The Schilling lab uses advanced mass spectrometric technology to understand molecular mechanisms that underlie aging. Analyzing samples on the molecular level provides insights into protein pathways and mechanisms of disease and aging. We collaborate with all investigators at the Buck as well as investigators from outside institutions. The Schilling lab develops and implements advanced innovative protein analytical technologies (including quantitative proteomics, posttranslational modifications, protein dynamics and biomarker discovery) to advance basic biology and biomedical research related to aging research.
The Schilling lab engages in many collaborative projects and is engaged in worldwide mass spectrometric studies, as well as software development. Many different workflows are supported at our facility or can be developed together to support biological projects with innovative technologies to gain insights into molecular details in a system-wide approach. At the same time, worldwide collaborations with other proteomics and mass spectrometry laboratories keep our cutting edge workflows and our approach at the forefront of analytical technology.
Learn more about the Proteomics and Mass Spectometry Center.
Why it matters
Understanding what happens during aging and the development of age-related disease, and what is different in a diseased organism compared with a healthy organism, are key to developing treatments, drugs and interventions. We have focused on developing assays to discover biomarkers of aging and disease from easily accessible biofluids, such as plasma or blood from human patients. Connecting these findings with fundamental mechanisms of aging in model systems available at the Buck will drive our research forward in significant ways.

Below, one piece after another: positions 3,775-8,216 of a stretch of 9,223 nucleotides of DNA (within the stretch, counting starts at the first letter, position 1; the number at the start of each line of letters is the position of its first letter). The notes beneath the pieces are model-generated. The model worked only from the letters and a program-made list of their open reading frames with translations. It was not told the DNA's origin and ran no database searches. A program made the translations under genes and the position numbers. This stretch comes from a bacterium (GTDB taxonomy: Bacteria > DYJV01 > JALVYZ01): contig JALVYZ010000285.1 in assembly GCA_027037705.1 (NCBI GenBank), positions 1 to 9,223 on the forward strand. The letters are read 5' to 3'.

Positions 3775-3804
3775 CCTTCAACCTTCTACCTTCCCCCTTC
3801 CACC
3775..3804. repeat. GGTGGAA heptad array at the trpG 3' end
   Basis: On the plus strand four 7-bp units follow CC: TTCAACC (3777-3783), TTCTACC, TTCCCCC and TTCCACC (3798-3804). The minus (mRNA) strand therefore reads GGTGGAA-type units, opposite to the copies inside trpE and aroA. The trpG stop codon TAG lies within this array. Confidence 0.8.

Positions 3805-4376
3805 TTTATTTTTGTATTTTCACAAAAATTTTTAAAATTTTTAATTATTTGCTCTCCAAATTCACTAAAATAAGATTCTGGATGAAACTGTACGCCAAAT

Combining specialized Proteomics Technology with Aging Biology will allow us to gain deeper insights into underlying mechanisms and pathways of Aging.
Birgit Schilling, PhD
Birgit Schilling is the Director of the Mass Spectrometry Core and an Assistant Professor at The Buck Institute for Research on Aging. Dr. Schilling studied Chemistry at the University of Hamburg and received her Doctorate (PhD) from the University of Clausthal, Germany. Dr. Schilling obtained additional research training as a postdoctoral fellow at UCSF, and joined the Buck Institute in 2000. She is also Adjunct Professor at University of Southern California and is teaching at the Buck Institute as part of the joined Buck Institute/USC PhD program.
Dr. Schilling and the Mass Spectrometry Core provide expertise in mass spectrometry to efficiently analyze biological samples, for example to determine changes in protein expression or protein modifications as a result of a disease or other biological conditions. Collaborative research projects investigated at the Mass Spectrometry Core comprise projects related to neurodegenerative diseases, aging, cancer, muscle atrophy, protein posttranslational modifications, mitochondrial damage, biomarker research, and many other scientific areas. Specific areas of interest are a sarcopenia project deciphering underlying causes and biological pathways of muscle atrophy, as well as the role of sirtuins on posttranslational modifications of proteins.